For its role in brokering a peaceful path to democracy, Tunisiaâ€™s labor movement today was named a co-recipient of the Nobel Peace Prize.
The Nobel Committee recognized the Tunisian National Dialogue Quartetâ€”comprised of longtime Solidarity Center ally the Tunisian General Labor Union (UGTT), the Tunisian Confederation of Industry, Trade and Handicrafts, the Tunisian Human Rights League and the Tunisian Order of Lawyersâ€”for establishing â€śan alternative, peaceful political process at a time when the country was on the brink of civil war.â€ť
The Quartet, formed in 2013, was â€śinstrumental in enabling Tunisia, in the space of a few years, to establish a constitutional system of government guaranteeing fundamental rights for the entire population, irrespective of gender, political conviction or religious belief,â€ť Nobel Committee Chairman Kaci Kullmann Five said at the presentation ceremony.
â€śThis is a great joy and pride for Tunisia, but also a hope for the Arab World,â€ť UGTT chief Hassine Abassi told Reuters. â€śItâ€™s a message that dialogue can lead us on the right path. This prize is a message for our region to put down arms and sit and talk at the negotiation table.â€ť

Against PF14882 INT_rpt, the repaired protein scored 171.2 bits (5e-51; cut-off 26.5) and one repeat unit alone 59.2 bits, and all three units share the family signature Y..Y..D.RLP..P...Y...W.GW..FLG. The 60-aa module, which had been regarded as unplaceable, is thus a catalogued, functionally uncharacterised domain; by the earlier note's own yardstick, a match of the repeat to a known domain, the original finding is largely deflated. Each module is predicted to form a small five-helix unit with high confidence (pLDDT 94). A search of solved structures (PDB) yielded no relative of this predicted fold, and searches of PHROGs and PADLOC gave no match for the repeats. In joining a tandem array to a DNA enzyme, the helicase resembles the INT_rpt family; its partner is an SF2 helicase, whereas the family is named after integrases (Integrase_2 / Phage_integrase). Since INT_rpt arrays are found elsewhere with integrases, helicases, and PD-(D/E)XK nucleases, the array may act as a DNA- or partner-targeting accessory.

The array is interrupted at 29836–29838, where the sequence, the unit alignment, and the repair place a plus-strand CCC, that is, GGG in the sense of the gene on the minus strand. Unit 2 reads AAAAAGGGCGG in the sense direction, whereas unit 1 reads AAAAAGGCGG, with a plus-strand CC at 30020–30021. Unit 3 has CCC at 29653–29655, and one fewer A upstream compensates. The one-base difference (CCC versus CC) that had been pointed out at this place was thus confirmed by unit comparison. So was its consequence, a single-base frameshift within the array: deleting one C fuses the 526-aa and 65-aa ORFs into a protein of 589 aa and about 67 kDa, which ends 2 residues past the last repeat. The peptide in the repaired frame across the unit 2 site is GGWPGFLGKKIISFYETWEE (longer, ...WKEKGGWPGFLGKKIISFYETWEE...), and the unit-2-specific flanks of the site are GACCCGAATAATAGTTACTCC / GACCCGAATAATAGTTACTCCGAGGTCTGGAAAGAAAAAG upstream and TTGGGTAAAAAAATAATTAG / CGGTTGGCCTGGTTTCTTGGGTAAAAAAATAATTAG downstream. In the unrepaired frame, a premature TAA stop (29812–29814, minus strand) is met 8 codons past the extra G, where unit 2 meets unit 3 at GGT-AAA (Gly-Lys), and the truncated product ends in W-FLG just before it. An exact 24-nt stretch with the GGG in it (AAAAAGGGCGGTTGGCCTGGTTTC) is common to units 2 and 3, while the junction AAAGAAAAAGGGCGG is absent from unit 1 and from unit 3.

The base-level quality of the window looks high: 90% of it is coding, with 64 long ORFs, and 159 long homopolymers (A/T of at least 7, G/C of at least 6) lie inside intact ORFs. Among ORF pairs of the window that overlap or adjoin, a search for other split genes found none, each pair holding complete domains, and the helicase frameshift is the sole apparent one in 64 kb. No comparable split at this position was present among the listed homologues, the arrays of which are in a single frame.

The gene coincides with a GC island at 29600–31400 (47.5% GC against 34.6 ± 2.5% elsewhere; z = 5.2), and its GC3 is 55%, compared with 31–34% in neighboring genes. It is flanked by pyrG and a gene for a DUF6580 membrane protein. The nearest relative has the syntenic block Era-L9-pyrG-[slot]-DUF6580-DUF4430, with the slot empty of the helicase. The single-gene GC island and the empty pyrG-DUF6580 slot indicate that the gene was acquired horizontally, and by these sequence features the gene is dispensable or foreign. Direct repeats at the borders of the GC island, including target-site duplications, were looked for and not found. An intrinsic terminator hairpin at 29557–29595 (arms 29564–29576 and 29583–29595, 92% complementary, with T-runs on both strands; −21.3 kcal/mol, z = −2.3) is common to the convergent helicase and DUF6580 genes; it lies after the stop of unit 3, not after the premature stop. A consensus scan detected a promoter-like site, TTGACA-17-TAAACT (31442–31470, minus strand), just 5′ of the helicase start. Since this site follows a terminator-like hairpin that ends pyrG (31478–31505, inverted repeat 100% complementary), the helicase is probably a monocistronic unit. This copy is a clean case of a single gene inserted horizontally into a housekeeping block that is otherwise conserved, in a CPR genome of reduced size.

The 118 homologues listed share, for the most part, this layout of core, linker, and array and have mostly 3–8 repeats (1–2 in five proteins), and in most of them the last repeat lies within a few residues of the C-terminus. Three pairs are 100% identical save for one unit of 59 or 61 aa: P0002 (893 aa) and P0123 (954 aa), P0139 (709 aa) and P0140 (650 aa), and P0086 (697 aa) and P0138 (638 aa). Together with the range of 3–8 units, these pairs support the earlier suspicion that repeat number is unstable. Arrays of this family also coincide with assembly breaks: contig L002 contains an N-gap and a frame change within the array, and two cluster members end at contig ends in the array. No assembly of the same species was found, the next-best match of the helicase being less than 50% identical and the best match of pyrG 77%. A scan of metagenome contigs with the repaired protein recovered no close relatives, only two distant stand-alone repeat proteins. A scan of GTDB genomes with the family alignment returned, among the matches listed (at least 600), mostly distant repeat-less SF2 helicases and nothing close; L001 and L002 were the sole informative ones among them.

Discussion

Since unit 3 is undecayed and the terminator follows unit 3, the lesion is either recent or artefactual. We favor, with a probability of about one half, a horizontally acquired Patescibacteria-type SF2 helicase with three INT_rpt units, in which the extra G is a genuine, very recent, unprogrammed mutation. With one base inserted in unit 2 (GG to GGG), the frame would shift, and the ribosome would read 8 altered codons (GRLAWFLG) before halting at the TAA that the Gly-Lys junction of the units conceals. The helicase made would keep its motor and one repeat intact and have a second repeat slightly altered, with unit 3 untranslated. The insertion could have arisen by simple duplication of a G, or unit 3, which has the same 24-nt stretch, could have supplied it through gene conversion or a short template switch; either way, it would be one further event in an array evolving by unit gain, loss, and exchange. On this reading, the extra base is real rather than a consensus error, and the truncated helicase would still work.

In 2012, the UGTT received the AFL-CIOâ€™s 2012 George Meany-Lane Kirkland Human Rights Award along with the labor federation ofÂ Bahrain, the General Federation of Bahrain Trade Unions, for their mobilization of thousands of people in their countries to carry forward a message of social justice during the popular uprisings that swept the Middle East in 2010 and 2011.
This is the second year in a row that worker rights activists have been honored with a Nobel Peace Prize. Last year Kailash Satyarthi, head of the Global March against Child Labor, also aÂ Solidarity Center ally, shared the prize with girlsâ€™ education activist Malala Yousafzai.